The Firehall joins the ranks of the BYOV for the fourth consecutive Vancouver International Fringe Festival in September 2013. We will be selecting five shows for six to eight performances each in our wonderful intimate theatre space and two shows for our outdoor enclosed courtyard area, also, for six to eight performances.
In this week’s issue of the Georgia Straight, critic Colin Thomas reviewed Kid Gloves and took fault with Firehall Artistic Producer Donna Spencer’s choice to produce an “unpolished” play. This is her full response, a portion of which was sent in to the Georgia Straight as a Letter to the Editor.
Letter to the Editor
Re: Kid Gloves Stylistically All Over the Map, November 22, 2012
In closing his recent review of Kid Gloves, Colin Thomas takes me to task in my role as the Firehall Arts Centre’s Artistic Producer for producing this new play, advising that “Spencer’s biggest mistake was at a programming level … she should have looked beyond the historical and contemporary relevance of the subject matter and recognized it for being the artistic grab bag that it is”. One would assume from this statement that he is suggesting that the play should have never been produced. I am not writing to respond to his criticisms of the play, as they are his personal opinion, but rather to take Mr. Thomas to task for his cavalier and dismissive comments which seem to suggest that only polished and perfect plays should be produced. As a playwright himself, surely he does not truly believe this and if he does, what is it about theatre that keeps him drawn to writing about the imperfections of theatre? Is he questing for the perfect play, which frankly may only exist in the minds of academics and playwrights who have become critics? If only perfect plays should be produced, why are we still enjoying Shakespeare 400 years later?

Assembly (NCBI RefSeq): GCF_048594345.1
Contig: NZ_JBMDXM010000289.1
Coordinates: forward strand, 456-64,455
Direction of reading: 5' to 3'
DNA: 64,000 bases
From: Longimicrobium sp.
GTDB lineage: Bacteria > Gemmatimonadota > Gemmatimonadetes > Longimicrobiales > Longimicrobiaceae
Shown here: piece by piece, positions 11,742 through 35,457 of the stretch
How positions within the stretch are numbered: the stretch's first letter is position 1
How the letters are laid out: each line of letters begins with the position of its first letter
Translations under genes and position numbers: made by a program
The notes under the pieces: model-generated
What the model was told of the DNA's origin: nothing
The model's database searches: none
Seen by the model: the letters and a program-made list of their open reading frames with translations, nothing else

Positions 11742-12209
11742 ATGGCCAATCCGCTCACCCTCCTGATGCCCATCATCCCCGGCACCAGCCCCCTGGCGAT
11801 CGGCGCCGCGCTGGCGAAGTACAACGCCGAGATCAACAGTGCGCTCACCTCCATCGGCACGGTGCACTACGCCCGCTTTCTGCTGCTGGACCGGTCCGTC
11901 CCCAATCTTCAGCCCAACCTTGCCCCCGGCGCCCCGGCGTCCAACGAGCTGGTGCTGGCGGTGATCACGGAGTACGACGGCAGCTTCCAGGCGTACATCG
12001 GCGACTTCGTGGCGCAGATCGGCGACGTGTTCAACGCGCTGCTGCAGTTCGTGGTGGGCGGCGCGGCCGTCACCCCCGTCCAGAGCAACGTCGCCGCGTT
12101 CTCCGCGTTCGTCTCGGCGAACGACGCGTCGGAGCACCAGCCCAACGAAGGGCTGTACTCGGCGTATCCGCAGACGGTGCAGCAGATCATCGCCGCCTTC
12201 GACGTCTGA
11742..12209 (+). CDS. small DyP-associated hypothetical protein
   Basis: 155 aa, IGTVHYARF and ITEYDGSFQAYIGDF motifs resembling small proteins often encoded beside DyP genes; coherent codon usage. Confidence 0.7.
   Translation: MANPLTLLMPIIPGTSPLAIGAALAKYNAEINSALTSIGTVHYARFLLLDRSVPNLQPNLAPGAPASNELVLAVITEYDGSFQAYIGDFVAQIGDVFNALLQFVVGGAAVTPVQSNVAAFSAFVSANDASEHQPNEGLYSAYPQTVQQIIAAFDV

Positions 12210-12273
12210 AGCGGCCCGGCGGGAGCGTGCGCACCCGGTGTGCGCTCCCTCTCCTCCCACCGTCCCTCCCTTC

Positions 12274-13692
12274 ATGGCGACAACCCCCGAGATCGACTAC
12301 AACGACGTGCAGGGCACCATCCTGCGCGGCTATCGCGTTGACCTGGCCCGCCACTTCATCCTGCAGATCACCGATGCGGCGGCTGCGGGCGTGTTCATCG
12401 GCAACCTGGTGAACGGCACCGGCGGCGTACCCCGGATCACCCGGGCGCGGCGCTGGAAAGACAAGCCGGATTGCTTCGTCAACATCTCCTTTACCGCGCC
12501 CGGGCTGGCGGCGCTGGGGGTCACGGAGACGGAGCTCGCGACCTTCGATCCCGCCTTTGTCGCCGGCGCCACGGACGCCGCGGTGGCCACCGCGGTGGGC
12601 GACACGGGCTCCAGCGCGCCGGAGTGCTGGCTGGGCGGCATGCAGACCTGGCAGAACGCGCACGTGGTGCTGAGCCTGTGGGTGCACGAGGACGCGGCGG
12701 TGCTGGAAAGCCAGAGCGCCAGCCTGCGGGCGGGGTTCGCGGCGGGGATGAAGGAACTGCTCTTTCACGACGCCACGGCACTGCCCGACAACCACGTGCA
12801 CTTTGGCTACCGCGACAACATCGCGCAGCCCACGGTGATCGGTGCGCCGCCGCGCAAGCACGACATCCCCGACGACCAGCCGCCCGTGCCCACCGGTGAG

One of the mission statements of the Firehall is to give voice to new and emerging works from both established and emerging theatre artists which have relevance to Canadians. That indeed is a risky business and one that allows for failure and success. Our thirty-year history reveals that we take our mission seriously, with the most recent evidence of that being our highly successful production of Chelsea Hotel. Not a perfect play but indeed a highly imaginative artistic expression. And our production of Kid Gloves is a continuation of that mission.